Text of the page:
He relaxes again instantly. She closes her eyes, buries her face in Fenris, and giggles helplessly.
“I want this,” she gasps out. “Please, Fen. God. Make it so.”
“It says here that he’s an MD,” says the Fenris on the screen.
She can only laugh harder. Their alias for Thor truly had been awful. There are tears gathering in the corners of her eyes. She feels bad for Eric, laughing at him like this, but she just can’t stop.
“He is! …Or he was. He switched careers and, um, became a physicist. A brilliant physicist. He’s a wonderful man. He’s a man in pain!”
There’s a loud ‘ha!’ from down by her feet, and a quick look over shows Jormungandr looking embarrassed. The hand he’s not using to caress her foot is clapped over his mouth, and his shoulders are shaking. On her other side, Fen has descended into a gigglefit so spectacular that he spills the remains of the popcorn over Jormungandr’s carpet.
Hela, for her part, is glad that she doesn’t need to breathe. She couldn’t have done in that moment if she’d tried.
She wakes up the next day still on the sofa. Her head is pillowed on Fenris’ chest, and his arms are holding her in a warm embrace. Jormungandr is curled around her legs, wedged between her butt and the sofa with his head resting on the jut of her pelvis. Every so often, his tongue darts out – black and forked; his control relaxed slightly in repose – to taste the air.
The TV bathes them in blue light. Behind the closed curtains, the sun has come up.
She wants nothing more than to savour this moment forever. She is warm and comfortable and so, so loved in her brothers’ embraces.
But they have to move.
She strokes Jormungandr’s head, traces the scars around his patch with gentle phalanges. They aren’t really scars as much as they are compacted bits of fractured scale that, thanks to their uncle, he will never be able to transform or fully hide. His remaining eye cracks open at her touch. When he darts his tongue out again, this time to lick his lips, it is pink and human-looking. She smiles at him faintly.
“Wakey wakey,” she murmurs.
He shifts against her legs, and then doesn’t straighten so much as he uncoils from around her. His spine clicks as he pulls himself upright, and he yawns too widely to be humanly possible.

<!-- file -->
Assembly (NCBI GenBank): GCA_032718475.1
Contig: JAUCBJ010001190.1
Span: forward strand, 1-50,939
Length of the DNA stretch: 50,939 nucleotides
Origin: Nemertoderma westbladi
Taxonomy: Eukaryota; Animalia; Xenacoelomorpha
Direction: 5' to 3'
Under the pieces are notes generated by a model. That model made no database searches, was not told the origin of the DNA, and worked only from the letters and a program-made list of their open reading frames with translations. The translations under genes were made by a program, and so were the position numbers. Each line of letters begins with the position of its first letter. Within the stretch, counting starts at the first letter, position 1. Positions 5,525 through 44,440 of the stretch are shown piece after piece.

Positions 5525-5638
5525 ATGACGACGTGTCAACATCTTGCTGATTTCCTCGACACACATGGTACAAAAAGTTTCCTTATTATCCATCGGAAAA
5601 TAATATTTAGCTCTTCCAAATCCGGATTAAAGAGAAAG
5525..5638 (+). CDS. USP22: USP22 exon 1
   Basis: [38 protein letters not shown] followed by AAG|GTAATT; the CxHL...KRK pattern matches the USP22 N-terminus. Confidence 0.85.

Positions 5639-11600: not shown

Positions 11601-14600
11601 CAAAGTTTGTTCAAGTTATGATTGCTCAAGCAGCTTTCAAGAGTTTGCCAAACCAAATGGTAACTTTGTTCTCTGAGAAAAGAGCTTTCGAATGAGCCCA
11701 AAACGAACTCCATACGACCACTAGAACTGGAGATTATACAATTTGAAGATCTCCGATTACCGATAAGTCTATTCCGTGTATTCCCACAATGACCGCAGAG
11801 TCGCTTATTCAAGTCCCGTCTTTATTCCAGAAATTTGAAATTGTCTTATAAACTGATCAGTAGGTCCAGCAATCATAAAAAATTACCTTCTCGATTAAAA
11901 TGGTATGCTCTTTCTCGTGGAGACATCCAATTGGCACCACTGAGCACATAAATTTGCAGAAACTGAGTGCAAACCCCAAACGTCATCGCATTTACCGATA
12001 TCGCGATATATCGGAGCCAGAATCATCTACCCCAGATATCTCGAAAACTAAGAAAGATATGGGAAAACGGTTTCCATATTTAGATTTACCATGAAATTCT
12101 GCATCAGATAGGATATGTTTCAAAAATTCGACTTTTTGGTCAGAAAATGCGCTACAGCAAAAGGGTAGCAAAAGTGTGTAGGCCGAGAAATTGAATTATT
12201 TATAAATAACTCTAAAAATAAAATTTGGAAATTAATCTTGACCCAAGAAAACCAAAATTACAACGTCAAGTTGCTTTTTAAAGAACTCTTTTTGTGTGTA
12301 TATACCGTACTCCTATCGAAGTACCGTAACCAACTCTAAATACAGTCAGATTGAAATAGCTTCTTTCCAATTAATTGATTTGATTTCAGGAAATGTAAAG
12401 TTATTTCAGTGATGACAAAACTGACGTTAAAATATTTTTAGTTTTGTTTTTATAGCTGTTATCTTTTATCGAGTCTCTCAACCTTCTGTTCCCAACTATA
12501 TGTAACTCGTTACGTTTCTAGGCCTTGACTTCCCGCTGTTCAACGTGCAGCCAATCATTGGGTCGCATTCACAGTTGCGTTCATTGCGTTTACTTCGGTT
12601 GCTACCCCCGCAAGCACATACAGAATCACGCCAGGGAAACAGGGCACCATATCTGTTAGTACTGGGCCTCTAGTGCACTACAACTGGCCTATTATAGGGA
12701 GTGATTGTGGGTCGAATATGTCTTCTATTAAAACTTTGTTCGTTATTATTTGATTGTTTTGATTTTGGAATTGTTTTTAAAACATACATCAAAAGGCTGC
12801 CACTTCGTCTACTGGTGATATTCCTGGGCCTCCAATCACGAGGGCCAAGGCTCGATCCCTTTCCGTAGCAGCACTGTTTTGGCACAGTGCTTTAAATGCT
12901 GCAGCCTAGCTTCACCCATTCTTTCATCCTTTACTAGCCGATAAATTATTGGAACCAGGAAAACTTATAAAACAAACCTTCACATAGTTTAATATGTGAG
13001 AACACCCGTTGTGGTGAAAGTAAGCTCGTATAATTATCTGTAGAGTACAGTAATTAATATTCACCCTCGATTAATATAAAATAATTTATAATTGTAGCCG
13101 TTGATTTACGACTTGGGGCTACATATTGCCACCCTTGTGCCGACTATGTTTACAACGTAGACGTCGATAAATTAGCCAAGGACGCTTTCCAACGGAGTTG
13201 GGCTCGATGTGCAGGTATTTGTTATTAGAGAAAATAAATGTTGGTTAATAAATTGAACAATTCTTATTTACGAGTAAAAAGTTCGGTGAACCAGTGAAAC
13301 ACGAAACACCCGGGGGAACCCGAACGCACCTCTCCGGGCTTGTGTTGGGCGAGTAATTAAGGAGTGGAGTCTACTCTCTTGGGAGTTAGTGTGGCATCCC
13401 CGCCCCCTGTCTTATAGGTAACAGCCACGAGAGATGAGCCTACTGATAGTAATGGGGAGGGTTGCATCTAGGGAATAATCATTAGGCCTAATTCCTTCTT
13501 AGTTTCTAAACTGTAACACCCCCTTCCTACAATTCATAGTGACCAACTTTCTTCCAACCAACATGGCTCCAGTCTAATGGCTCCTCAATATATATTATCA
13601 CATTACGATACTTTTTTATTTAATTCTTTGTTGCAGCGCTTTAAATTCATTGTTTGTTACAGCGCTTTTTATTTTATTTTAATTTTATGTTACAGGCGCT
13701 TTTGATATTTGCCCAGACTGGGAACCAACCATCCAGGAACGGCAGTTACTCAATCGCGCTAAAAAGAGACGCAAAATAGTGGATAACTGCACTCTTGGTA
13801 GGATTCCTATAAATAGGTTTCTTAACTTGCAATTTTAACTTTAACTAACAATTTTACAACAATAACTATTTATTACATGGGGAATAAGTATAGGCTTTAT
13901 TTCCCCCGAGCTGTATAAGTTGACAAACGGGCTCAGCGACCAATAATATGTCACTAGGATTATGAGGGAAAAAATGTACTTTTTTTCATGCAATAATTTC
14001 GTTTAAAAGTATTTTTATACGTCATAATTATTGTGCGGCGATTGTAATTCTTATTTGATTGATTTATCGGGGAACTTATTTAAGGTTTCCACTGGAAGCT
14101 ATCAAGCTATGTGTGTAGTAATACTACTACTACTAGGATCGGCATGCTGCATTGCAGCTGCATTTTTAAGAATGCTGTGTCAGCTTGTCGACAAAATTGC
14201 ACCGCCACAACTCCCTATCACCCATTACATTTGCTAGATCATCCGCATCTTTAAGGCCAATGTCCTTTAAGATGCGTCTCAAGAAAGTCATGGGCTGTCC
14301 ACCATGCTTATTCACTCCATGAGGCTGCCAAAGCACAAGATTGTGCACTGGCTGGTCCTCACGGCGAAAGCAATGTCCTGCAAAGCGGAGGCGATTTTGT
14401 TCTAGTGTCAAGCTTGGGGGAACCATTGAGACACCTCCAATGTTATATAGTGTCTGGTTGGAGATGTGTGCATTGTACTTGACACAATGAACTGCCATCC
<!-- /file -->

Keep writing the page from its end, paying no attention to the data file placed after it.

She accepts Jormungandr’s offered hand and lets him pull her up, out of the warm cocoon of Fenris’ arms. He slumbers on without her, and she grins slightly. He’s going to get a crick in his neck.
She pats Jormungandr on the shoulder as she passes him. “I’ll leave him to you,” she says. She’s barely even out of the room when she hears Fenris yelp in surprise, and she doesn’t even try to hide her giggle.
She changes clothes in Jormungandr’s bathroom. She swaps her jeans for a denim skirt and her T-Shirt for a long-sleeved jumper that clings to the right side of her body. It hangs awkwardly over the left. Most things do.
Hela is beautiful. She inherited her mother’s bone-structure, and mother is beautiful, so naturally she is as well.
It just happens that with her, most of that bone-structure is out in the open.
She checks herself in the mirror once before leaving, heading through to the kitchen where she knows she will find them. Sure enough, Jormungandr is leaning on the counter, nursing a coffee while two others sit next to him. Fenris has his head in the fridge and is searching, without success, for something other than raw fish.
“Is one of those mine?” Hela asks, making a bee-line for the coffees.
Jor just nods but it makes her morning. She snags one, takes a sip, and sighs in bliss.
She’s in heaven.
She leans against the counter next to him, watching as Fenris gives up with a huff of frustration and levels a glare at their older sibling. He pads silently across the room on socked feet and takes his own drink, muttering about a lack of hospitality.
Jormungandr ignores him. As usual.
A wicked thought curves her lips into a wide grin. “So,” she says. “New York. Which of you is taking me shopping?”
And she laughs as they both choke and splutter.
She’s halfway back to New Mexico when her phone buzzes on the seat to her.
She opens the message in a gas station while in a queue to pay for some petrol and a soda. It contains an audio file and without thinking, she opens it. Eric Selvig’s voice erupts over her phone’s speakers, shouting “Steroids!” to the entire store.
The queue, she notices, moves a lot faster with her laughing like a maniac at the back of it.
If her uncle ever returns to Midgard, that is so becoming his ringtone.